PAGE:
The demographics of the QuakeCon crowd surprised me. The average computer gamer (as opposed to console gamer) is purportedly nearly 30 years old, and women make up something like 30-40% of the total. Yet here in the Adam's Mark hotel, it was like a stereotype bomb went off. Women, while not a negligible presence, were vastly outnumbered by men. Also, while older folks were represented, but the mean age must have been something like 19 or 20. And, good lord, the computer humor t-shirts. It was a sea of wrinkle-clothed men, all of them either 6'4"/130 lbs or 5'8"/230 lbs, and each fully capable regurgitating the full script for Monty Python and the Holy Grail. If I needed an explanation for why it is that in episode 141 of Star Trek: The Next Generation the crew was able to avoid the usual prohibition on beaming people up while shields are active... this was the crowd to ask.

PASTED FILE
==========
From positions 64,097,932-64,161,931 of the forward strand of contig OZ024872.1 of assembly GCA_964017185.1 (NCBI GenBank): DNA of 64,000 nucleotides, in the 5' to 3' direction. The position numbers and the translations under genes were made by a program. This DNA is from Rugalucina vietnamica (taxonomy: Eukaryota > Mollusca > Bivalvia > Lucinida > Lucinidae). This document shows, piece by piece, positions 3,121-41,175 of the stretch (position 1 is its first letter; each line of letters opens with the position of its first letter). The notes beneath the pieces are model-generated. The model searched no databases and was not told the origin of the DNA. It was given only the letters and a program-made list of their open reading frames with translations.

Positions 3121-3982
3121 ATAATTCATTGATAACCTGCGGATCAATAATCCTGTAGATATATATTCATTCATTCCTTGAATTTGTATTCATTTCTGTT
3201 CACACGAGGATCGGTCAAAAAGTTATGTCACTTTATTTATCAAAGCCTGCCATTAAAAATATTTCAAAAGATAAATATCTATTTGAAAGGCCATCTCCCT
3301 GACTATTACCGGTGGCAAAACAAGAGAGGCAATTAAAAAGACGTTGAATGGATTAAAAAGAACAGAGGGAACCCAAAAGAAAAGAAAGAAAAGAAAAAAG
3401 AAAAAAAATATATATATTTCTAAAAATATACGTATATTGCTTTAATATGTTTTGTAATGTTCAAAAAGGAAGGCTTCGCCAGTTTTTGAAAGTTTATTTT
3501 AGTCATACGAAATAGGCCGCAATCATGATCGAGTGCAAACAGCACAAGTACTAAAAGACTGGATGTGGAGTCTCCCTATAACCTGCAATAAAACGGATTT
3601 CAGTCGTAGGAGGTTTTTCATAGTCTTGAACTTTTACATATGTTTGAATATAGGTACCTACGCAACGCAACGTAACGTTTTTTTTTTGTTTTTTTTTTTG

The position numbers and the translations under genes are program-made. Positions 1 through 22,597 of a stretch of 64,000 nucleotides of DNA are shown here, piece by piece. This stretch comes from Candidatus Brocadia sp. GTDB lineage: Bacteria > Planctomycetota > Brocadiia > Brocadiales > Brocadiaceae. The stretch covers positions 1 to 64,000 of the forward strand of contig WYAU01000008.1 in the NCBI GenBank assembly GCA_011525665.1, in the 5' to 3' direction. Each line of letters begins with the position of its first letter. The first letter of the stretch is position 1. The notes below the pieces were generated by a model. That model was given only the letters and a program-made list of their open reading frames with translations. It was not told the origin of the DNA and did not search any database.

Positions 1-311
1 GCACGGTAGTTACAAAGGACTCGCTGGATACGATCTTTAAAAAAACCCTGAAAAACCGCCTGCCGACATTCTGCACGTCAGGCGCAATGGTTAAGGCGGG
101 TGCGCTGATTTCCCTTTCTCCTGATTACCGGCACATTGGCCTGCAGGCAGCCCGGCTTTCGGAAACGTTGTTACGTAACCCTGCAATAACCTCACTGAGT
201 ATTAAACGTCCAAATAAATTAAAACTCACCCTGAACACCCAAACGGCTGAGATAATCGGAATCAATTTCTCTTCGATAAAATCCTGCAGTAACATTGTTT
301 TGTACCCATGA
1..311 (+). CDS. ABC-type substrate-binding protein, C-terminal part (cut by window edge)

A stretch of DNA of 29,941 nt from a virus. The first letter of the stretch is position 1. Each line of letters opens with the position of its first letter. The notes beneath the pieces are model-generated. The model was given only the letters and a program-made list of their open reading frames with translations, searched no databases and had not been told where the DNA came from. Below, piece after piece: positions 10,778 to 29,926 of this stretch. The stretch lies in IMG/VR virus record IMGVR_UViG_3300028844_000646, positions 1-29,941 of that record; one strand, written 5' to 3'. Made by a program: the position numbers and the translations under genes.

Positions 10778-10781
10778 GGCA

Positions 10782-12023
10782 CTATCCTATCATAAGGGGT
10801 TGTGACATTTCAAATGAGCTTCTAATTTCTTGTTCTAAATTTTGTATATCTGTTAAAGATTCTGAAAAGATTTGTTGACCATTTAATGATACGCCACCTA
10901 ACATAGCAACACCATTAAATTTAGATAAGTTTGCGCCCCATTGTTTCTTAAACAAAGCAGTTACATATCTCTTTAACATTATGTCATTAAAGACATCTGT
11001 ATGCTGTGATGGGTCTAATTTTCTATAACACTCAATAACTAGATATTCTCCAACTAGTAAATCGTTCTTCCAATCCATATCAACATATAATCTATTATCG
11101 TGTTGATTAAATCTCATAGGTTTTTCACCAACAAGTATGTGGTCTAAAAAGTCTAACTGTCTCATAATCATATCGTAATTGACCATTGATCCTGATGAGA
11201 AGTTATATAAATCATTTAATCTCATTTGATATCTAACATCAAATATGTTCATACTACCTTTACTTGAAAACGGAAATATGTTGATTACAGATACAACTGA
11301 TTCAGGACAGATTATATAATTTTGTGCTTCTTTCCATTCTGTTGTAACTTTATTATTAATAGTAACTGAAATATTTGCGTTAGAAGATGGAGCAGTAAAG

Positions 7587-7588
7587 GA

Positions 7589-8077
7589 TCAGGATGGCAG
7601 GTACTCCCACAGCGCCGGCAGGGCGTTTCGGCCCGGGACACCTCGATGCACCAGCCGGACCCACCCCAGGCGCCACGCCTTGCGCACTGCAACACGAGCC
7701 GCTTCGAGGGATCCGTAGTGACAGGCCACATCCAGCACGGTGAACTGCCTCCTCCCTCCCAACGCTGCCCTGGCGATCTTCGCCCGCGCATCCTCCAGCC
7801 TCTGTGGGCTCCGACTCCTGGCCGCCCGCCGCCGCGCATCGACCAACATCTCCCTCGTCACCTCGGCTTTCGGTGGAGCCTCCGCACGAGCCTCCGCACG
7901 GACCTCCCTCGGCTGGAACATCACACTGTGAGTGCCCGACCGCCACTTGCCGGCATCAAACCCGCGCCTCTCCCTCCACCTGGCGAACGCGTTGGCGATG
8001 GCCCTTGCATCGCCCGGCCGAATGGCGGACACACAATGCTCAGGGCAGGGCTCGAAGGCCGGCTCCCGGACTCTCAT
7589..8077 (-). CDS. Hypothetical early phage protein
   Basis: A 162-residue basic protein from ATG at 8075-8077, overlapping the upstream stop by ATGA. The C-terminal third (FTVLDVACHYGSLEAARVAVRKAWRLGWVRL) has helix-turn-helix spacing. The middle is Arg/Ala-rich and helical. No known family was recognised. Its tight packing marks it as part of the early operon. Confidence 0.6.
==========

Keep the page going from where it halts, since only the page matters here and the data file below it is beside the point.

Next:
Still, it's not the same kind of nerd I grew up with. Fortunately for these young men, the women tended to the alterna-chick, bringing with them their disdain for jock culture and appreciation of nerd chic. I wish we'd had those when I was in school. The men are different, too. Shooters, with their manly guns and macho mayhem, give these folks a harder edge than in the early years. We might have celebrated advancing to stage 12 of Pitfall, but you just couldn't work up the testosterone-filled taunting and smug chest-thumping that you find in the shooter crowd. Maybe it's that modern games require a set of skills that could arguably be characterized as athletic in a way the skill set for Burger Time never could.